Also in this playlist...
This transcript is automatically generated
Founder Julian -- -- sits in -- London jail facing extradition to Sweden on sex charges some American officials are demanding he be tried in the United States.
For the release of thousands of classified documents including last week's -- of sensitive State Department cable.
But -- -- be prosecuted under American law and should he be.
Michael -- -- is a former attorney general of the United States he joins me now judge.
Welcome great to have you back here when.
So your successor as attorney general Eric Holder has said -- his department is investigating whether to prosecute.
-- and and would like to.
If you were still attorney general what -- Would you be looking.
I'd be looking at two sections of what's called the espionage act one of which.
From analyzes the circulation.
Of defense related information.
Which circuit criminalized the publication.
Classified and this -- the espionage act of 1970.
World War I statute an -- but -- okay what you have to prove.
-- get a conviction.
On the SPD have to prove -- for example that the leaks damage national security.
Have to prove that they were done with the intent to damage the United States.
You have to prove.
In order to get there there's one of those sections that carries the death.
If you proved that a result of the -- was disclosed the identity of the US agent and -- -- lost his life.
-- penalty up to death -- Now what would the impact of a -- on the prosecution be if you get a comment like we had last week by the Defense Secretary Robert Gates who said well some of that.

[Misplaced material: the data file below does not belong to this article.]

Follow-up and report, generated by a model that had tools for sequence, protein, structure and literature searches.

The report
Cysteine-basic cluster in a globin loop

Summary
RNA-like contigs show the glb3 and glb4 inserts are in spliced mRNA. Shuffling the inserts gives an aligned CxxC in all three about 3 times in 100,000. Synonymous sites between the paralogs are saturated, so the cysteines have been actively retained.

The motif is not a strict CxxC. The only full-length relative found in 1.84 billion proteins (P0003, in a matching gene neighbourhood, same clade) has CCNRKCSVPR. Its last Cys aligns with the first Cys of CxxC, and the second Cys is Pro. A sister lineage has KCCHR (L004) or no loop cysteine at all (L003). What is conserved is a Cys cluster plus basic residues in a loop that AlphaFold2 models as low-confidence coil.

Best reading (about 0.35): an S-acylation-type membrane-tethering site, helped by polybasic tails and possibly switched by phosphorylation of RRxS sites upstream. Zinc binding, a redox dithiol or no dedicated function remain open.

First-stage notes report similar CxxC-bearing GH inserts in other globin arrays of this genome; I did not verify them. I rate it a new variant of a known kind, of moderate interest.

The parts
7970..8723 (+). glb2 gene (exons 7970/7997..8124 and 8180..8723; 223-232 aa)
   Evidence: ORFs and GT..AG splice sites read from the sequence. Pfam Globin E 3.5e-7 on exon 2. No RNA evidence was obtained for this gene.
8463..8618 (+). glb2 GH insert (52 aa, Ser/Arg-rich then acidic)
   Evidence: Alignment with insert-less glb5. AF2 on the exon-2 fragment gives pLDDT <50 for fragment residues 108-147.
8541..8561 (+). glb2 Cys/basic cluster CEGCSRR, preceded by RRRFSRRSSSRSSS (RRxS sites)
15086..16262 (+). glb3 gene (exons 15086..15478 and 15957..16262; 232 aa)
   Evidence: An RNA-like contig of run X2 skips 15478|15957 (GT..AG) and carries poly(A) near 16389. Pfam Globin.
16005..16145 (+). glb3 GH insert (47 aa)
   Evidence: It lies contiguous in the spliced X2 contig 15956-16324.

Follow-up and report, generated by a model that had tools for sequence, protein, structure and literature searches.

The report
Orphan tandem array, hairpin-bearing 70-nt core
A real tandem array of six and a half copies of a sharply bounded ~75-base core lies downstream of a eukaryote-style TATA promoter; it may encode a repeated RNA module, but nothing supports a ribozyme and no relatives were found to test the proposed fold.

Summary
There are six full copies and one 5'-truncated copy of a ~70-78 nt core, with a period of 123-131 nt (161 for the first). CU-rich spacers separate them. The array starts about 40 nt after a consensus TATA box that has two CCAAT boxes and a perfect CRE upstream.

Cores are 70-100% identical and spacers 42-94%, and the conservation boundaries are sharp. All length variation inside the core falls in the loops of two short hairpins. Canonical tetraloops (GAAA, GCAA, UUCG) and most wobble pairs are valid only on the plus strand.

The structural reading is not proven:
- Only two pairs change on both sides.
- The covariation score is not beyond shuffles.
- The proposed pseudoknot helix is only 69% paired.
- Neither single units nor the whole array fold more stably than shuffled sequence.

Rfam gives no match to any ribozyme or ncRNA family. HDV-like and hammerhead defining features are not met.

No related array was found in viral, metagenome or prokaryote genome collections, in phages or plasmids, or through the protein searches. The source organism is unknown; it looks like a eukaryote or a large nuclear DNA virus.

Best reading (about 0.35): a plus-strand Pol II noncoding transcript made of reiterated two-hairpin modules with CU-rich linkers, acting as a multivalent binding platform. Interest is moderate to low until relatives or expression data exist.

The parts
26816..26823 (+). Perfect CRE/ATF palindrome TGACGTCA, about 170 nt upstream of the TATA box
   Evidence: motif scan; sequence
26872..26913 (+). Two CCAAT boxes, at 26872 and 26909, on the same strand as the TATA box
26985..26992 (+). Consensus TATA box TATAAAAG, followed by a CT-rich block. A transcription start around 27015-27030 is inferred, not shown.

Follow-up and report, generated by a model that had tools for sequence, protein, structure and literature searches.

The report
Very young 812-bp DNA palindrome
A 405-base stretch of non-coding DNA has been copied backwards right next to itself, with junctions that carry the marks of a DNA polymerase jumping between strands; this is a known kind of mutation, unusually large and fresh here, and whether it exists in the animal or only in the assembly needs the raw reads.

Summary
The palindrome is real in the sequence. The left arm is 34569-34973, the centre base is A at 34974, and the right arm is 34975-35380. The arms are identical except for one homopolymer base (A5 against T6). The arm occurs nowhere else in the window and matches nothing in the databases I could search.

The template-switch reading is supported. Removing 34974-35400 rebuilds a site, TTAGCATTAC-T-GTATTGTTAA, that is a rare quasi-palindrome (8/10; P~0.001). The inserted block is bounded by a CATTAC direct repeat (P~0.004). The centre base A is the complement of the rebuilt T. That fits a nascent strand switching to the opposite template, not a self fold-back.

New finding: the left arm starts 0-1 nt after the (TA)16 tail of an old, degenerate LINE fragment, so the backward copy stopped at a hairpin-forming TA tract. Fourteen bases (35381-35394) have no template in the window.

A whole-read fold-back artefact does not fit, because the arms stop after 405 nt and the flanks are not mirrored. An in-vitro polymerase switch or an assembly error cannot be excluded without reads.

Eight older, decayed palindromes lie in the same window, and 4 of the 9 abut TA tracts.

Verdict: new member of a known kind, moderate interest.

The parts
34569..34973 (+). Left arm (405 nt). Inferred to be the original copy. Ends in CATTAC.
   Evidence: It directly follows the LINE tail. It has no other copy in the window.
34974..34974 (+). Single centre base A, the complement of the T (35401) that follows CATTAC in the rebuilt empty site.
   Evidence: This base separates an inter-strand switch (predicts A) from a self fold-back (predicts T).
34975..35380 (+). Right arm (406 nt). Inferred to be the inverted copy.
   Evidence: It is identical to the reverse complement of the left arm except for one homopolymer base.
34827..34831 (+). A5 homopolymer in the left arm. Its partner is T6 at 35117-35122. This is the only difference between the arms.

Criticism of this is overwrought some of the fears about the damage done by the release of these diplomatic cables -- overwrought.
That would hurt the key prosecution potentially -- would -- the prosecution potentially presumably the defense -- uses a government in addition.
But it would not certainly not all of -- -- the espionage act has never been used before it's in my knowledge and you can correct me if I'm wrong but as far as I've looked back on it never been used against a publisher.
Not even in World War II when the Chicago Tribune disclosed that we had.
Suggestion that we had broken the Japanese code after the battle of midway FDR decided that administration not to prosecute.
Why would you make an exception.
In this case well the reasons that they decided not to prosecute in World War II was not because -- -- didn't line.
But rather because the Japanese apparently had.
Picked up on the story can't read the tribute.
-- pretty effective.
In subscription must've liked him.
But they didn't pick up on the story and change their clothes and was felt that if they prosecuted colonel McCormick that would have.
Me an apparent that we publisher to publisher that for.
That would have made it apparent that we had broken code.
And therefore it would have made it worse from the national security standpoint as a matter discretion they stopped.
The investigation before with a returned an indictment had nothing to do with the question whether prosecutors.
Are -- -- -- claim.